It’s been a week since Hurricane Maria hit Puerto Rico, damaging homes and roads and destroying the island's power grid.
The official count puts the number of people killed at 16, but hundreds of people are still missing, and families are desperate to hear news of their whereabouts.
What’s the best way to help? The United States Agency for International Development suggests donating money, instead of goods, after natural disasters.
“In contrast to how financial donations are used, unsolicited household donations can clog supply chains, take space required to stage life-saving relief supplies for distribution, and divert relief workers’ time.”
If you’re considering donating to an organization, do your research to make sure it's trustworthy. Charity Navigator is a great place to start.
Here are some options of vetted places to donate:
This organization has created a fund to send money directly to the PR Foundations Network, which includes hundreds of community non-profits in Puerto Rico.
Spearheaded by Puerto Rico’s First Lady Beatriz Rosselló, this organization is collecting funds to help residents rebuild their homes.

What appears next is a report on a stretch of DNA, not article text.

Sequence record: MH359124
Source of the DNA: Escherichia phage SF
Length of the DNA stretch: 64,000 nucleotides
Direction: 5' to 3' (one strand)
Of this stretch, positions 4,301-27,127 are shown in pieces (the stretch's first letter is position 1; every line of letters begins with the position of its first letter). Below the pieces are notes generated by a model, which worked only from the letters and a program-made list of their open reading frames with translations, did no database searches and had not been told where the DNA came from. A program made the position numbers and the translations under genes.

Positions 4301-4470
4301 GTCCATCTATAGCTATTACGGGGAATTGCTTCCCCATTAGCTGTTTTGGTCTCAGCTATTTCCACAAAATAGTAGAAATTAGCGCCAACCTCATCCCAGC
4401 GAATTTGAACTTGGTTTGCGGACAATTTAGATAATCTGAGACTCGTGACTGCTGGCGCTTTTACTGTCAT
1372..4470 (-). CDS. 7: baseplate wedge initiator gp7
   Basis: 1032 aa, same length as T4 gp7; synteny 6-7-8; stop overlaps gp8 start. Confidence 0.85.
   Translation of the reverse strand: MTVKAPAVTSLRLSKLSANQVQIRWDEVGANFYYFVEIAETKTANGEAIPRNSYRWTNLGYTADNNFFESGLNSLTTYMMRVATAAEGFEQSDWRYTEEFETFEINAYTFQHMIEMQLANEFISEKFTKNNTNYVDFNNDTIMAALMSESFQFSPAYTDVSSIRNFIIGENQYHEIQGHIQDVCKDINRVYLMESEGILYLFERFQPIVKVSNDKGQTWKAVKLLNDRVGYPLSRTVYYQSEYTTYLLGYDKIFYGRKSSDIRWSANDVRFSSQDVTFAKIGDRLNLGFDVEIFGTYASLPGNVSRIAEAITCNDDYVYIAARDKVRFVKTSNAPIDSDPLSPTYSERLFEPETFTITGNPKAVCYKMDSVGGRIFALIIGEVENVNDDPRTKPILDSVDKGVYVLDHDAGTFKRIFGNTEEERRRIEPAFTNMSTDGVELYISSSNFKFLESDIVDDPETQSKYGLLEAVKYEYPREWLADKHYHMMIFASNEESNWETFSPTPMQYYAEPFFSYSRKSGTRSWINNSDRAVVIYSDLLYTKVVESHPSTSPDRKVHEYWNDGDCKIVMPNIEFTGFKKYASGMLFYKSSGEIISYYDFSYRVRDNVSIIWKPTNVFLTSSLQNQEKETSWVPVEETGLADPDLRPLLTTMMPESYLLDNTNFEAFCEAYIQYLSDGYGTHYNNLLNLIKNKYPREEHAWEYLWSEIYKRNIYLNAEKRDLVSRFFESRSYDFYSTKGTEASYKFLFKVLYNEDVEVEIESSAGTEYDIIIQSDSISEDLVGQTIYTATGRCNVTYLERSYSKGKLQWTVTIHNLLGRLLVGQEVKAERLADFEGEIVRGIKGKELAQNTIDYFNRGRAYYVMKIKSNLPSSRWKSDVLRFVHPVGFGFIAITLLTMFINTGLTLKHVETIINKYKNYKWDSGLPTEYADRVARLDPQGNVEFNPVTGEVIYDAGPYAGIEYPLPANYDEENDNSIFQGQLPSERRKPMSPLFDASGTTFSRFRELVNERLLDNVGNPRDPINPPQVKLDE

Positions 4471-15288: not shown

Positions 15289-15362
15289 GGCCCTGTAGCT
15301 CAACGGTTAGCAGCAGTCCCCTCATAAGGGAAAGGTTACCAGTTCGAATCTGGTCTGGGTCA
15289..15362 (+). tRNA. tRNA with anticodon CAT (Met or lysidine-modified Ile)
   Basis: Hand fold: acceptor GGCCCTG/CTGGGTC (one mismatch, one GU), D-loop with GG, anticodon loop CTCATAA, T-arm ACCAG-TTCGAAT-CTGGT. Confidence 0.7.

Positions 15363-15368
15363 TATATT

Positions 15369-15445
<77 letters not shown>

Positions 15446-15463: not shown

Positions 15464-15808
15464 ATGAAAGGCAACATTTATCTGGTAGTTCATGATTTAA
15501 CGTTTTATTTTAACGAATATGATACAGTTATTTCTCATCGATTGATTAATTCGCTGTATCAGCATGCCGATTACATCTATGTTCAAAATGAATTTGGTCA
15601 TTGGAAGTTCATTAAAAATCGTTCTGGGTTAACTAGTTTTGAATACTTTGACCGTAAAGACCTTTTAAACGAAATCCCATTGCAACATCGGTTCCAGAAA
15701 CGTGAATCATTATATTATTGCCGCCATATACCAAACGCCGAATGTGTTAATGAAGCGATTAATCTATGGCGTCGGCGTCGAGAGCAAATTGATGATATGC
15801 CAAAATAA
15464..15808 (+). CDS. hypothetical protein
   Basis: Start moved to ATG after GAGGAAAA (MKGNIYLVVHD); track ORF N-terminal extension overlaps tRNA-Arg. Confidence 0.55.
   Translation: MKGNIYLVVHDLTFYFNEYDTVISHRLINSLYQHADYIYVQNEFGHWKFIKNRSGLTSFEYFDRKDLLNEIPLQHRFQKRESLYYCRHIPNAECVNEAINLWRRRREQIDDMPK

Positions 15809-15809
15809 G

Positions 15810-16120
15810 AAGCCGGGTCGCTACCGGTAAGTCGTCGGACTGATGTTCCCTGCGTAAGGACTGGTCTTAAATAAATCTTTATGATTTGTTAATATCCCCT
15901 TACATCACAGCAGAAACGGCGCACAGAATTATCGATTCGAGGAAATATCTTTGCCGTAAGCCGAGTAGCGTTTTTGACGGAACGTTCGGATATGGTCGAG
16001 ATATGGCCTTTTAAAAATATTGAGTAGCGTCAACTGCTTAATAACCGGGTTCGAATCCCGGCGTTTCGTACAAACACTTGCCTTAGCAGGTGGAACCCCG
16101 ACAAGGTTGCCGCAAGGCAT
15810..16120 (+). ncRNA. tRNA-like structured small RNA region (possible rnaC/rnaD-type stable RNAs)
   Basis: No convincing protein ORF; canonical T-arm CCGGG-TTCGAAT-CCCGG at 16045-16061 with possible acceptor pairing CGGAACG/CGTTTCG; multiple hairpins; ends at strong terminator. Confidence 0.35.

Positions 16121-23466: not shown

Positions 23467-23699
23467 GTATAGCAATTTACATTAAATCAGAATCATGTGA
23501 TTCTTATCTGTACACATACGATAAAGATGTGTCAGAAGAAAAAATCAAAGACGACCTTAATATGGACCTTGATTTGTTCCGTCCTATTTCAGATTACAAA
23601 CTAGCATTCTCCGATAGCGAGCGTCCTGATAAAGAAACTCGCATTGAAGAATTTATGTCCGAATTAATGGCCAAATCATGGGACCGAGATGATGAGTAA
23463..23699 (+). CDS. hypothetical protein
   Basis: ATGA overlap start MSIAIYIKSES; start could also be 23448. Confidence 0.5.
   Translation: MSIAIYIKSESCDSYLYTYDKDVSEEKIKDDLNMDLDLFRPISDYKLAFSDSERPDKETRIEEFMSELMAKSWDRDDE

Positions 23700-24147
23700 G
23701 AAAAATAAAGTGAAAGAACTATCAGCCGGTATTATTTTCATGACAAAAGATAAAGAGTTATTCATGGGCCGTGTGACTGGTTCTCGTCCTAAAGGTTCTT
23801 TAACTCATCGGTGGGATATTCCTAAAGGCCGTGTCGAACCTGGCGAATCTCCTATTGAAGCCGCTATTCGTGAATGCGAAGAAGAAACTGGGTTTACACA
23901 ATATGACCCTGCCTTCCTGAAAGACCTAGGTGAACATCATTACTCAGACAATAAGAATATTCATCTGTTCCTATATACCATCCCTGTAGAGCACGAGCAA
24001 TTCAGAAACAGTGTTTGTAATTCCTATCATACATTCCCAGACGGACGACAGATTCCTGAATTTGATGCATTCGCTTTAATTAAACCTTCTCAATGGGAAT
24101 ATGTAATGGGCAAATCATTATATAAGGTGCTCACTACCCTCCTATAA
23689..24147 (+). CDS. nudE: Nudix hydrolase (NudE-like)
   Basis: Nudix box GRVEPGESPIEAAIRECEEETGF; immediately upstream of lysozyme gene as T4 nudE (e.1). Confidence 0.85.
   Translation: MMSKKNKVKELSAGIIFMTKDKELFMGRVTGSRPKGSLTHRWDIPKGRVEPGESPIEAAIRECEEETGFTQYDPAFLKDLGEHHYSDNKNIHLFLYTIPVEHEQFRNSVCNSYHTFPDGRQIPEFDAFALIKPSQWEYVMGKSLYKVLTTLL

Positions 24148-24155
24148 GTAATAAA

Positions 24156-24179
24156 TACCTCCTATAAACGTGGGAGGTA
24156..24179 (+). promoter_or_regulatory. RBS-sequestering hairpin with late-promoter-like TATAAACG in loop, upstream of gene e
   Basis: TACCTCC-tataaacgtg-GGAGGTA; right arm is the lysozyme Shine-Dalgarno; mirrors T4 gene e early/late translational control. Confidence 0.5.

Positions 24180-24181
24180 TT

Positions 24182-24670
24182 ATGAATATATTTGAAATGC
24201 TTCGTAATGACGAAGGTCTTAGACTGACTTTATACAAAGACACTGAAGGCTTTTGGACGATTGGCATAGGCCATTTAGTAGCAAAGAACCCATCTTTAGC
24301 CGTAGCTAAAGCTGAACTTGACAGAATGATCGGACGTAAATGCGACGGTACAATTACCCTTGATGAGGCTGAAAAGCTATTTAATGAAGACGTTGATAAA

A group of elected officials in New York, including New York City Mayor Bill DeBlasio, have partnered with the Hispanic Federation to launch the “Unidos” fund.
The chamber will match every dollar raised through its site.
One hundred percent of the money they raise will be used to support relief, recovery, and rebuilding in Puerto Rico’s hardest-hit communities.
The five living former US presidents have created a fund to help recovery efforts following hurricanes in Texas, Florida, Puerto Rico and the US Virgin Islands.
One donation of $28 will provide an emergency survival kit to a child in Puerto Rico.
They’ve already deployed a few emergency response teams, and they’re focusing their efforts in providing clean water to victims.
This organization focuses specifically on the needs of families and children.
Without power, medical aid is desperately needed in Puerto Rico as hospitals struggle to keep up with demand. Consider donating to support emergency medical response teams.
This is not a comprehensive list of organizations providing aid after Hurricane Harvey. It may be updated. Consider recommending an organization in the comments below.
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